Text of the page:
Event Title

Walk on the Wild Side: A Cultural Study of Rudyard Kipling's The Jungle Book

Mentor 1

Dr. Hillary Fezzey

Location

Union Wisconsin Room

Start Date

24-4-2015 2:30 PM

End Date

24-4-2015 3:45 PM

Description

The Jungle Book has long been an iconic children’s tale, the antics of the wild boy Mowgli engaging and entertaining people around the world since Kipling first published his story in 1894. More than just the King of the Jungle, Mowgli is an astounding example of Post-Colonial writing that exemplifies inner-personal cultural distress by way of Dual Hybridity, Othering, and Mimicry (prominent Post-Colonial literary theories). The methods employed to establish this argument involve the scrutiny of the original work, The Jungle Book, and major theoretical research and comprehension. Focusing on the influence of the Post-Colonial setting and the prominence of Mowgli between the two cultures of the Jungle and Humanity, the theories of Dual Hybridity (the concept of being influenced to two opposing cultures with distinct, physical separation), Othering (the act of persecuting individuals or cultures associated with the “exotic” or “mystical”), and Mimicry (the effort of seeking cultural acceptance by way of adopting commonly accepted actions). With the oversight of a mentor, the ideas fostered by research were compiled, condensed, and finally written to create a published essay. The most significant finding of this research project was the strong impact when dual cultures are responsible in shaping a singular identity, like that of Mowgli and of many Indians during the British colonization of India. The displays of Dual Hybridity, Othering, and Mimicry involve both an internal and external cause-and-effect within a culture, its structure, and the individual’s perception of the culture. Interpreting these results, broader conclusions may be made about the influence of social and cultural norms upon those experiencing colonization and the sense of loss in identity that is apparent in many of Kipling’s literary characters, including Mowgli. More specifically, that the theories of Dual Hybridity, Othering, and Mimicry are foundational signs of internal and external power struggles that directly contribute to the identity structure and social acceptance of an individual with only partial inheritance of a culture, such as Mowgli was to the human species.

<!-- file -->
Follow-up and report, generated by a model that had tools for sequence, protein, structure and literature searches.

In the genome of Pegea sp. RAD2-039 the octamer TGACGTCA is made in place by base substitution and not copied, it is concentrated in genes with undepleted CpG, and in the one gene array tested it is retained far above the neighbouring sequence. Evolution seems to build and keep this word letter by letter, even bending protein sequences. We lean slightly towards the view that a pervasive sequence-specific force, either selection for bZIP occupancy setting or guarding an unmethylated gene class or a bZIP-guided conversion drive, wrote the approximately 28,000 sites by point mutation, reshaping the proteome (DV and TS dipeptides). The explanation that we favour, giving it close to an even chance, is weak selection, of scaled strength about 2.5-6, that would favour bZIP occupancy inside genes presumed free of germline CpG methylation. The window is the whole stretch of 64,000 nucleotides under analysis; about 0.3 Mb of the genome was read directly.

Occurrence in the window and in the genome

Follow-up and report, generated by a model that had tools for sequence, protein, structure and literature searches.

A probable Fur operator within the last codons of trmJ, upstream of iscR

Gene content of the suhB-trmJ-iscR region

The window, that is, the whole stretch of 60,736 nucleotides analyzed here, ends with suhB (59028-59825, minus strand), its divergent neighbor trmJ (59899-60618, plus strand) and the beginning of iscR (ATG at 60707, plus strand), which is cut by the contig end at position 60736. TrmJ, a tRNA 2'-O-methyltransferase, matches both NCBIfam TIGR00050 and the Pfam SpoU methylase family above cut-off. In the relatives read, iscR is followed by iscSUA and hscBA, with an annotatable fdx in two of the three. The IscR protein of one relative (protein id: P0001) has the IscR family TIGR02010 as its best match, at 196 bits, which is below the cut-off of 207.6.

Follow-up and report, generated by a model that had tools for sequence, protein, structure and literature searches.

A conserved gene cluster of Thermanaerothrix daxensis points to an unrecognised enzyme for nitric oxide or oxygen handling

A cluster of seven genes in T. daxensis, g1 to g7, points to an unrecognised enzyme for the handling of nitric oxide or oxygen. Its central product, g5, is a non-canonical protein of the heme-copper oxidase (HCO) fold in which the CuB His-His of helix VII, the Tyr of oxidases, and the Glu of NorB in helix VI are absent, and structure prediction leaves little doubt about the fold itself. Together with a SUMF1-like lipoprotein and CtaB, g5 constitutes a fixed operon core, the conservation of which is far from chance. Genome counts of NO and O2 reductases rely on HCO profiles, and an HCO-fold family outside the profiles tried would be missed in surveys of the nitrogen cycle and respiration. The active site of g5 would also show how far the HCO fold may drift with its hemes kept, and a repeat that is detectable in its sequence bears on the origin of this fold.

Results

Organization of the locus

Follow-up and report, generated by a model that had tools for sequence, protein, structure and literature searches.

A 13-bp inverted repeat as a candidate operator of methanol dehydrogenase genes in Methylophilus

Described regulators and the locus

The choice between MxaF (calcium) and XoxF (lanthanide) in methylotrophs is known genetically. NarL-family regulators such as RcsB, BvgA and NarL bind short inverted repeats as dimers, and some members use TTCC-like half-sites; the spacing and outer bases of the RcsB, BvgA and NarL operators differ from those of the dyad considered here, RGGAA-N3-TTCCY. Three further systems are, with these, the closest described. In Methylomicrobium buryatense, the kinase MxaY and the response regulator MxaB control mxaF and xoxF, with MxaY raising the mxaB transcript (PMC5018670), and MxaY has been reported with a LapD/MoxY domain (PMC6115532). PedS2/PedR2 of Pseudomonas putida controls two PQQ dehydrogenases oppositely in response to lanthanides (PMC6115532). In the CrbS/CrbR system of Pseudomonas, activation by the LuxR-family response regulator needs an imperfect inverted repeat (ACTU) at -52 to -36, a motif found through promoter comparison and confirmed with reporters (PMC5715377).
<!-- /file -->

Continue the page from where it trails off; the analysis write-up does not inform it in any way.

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Apr 24th, 2:30 PM Apr 24th, 3:45 PM

Walk on the Wild Side: A Cultural Study of Rudyard Kipling's The Jungle Book

Union Wisconsin Room

The Jungle Book has long been an iconic children’s tale, the antics of the wild boy Mowgli engaging and entertaining people around the world since Kipling first published his story in 1894. More than just the King of the Jungle, Mowgli is an astounding example of Post-Colonial writing that exemplifies inner-personal cultural distress by way of Dual Hybridity, Othering, and Mimicry (prominent Post-Colonial literary theories). The methods employed to establish this argument involve the scrutiny of the original work, The Jungle Book, and major theoretical research and comprehension. Focusing on the influence of the Post-Colonial setting and the prominence of Mowgli between the two cultures of the Jungle and Humanity, the theories of Dual Hybridity (the concept of being influenced to two opposing cultures with distinct, physical separation), Othering (the act of persecuting individuals or cultures associated with the “exotic” or “mystical”), and Mimicry (the effort of seeking cultural acceptance by way of adopting commonly accepted actions). With the oversight of a mentor, the ideas fostered by research were compiled, condensed, and finally written to create a published essay. The most significant finding of this research project was the strong impact when dual cultures are responsible in shaping a singular identity, like that of Mowgli and of many Indians during the British colonization of India. The displays of Dual Hybridity, Othering, and Mimicry involve both an internal and external cause-and-effect within a culture, its structure, and the individual’s perception of the culture. Interpreting these results, broader conclusions may be made about the influence of social and cultural norms upon those experiencing colonization and the sense of loss in identity that is apparent in many of Kipling’s literary characters, including Mowgli. More specifically, that the theories of Dual Hybridity, Othering, and Mimicry are foundational signs of internal and external power struggles that directly contribute to the identity structure and social acceptance of an individual with only partial inheritance of a culture, such as Mowgli was to the human species.